Reading gene expression data from an Excel spreadsheet into a python dictionary
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7.5 years ago
xgeneral57 • 0

I have an Excel spreadsheet (v14.4.1 for Mac) containing gene expression data in different conditions:

     cond1  cond2   cond3
gene1  1.57   2.52   12.05
gene2  0.01   8.90   31.20   
gene3  57.05  12.14  50.76
...

(i.e., the first row and the first column of the spreadsheet contain the condition names and gene names, respectively)

I would like to read this Excel sheet into a python dictionary whose keys are tuples containing the gene and condition names:

myDict[('gene1','cond1')] = 1.57
myDict[('gene1','cond2')] = 2.52
myDict[('gene1','cond3')] = 12.05
myDict[('gene2','cond1')] = 0.01
...

It think I need to use cvs.DictReader (after saving the spreadsheet as a cvs file), but, I am not sure how to do this.

gene-expression import python • 6.0k views
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1
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What do you plan to do with the data once it has been read and stored? Just asking to ascertain that you're using Python for the right reasons.

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0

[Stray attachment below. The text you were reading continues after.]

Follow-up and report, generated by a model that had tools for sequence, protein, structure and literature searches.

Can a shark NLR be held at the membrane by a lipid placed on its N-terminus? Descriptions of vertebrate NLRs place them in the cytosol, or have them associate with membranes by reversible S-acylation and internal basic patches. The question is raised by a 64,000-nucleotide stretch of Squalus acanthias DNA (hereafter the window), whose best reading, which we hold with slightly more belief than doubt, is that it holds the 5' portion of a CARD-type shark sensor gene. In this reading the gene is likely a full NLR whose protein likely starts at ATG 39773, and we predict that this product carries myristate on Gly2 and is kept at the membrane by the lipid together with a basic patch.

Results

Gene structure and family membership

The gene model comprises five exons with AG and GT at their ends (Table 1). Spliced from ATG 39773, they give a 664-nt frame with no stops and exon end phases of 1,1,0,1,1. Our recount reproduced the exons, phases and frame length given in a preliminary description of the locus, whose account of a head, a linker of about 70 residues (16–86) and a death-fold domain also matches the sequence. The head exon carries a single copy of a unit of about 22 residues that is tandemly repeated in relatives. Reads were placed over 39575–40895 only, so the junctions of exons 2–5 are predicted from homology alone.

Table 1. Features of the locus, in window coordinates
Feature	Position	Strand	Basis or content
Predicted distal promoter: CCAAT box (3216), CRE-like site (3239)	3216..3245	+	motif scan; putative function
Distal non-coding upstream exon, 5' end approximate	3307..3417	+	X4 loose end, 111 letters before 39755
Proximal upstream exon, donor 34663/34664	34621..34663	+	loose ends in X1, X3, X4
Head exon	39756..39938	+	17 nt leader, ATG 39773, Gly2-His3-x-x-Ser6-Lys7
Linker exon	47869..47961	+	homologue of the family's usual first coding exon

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I am doing some custom analysis using optimization solvers.

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2
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7.5 years ago
fbrundu ▴ 300

Hi,

I suggest you to take a look at Pandas library. It offers you some useful features like dataframes where you can store gene matrices and do a lot of things with them.

In your case it will be (supposing you saved your datasheet as csv):

matrix = pandas.read_table('data.csv', index_col=0)
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7.5 years ago

Save your Excel spreadsheet as a tab-delimited text file (File > Save As...) and then use the following script to convert it to a tuple-keyed Python dictionary:

#!/usr/bin/env python

import sys

f = sys.stdin
l = f.readline().rstrip("\r\n")
conds = l.split("\t")
conds.pop(0)

d = dict()
for l in f:
    l = l.rstrip("\r\n")
    vals = l.split("\t")
    gene = vals[0]
    vals.pop(0)
    valIdx = 0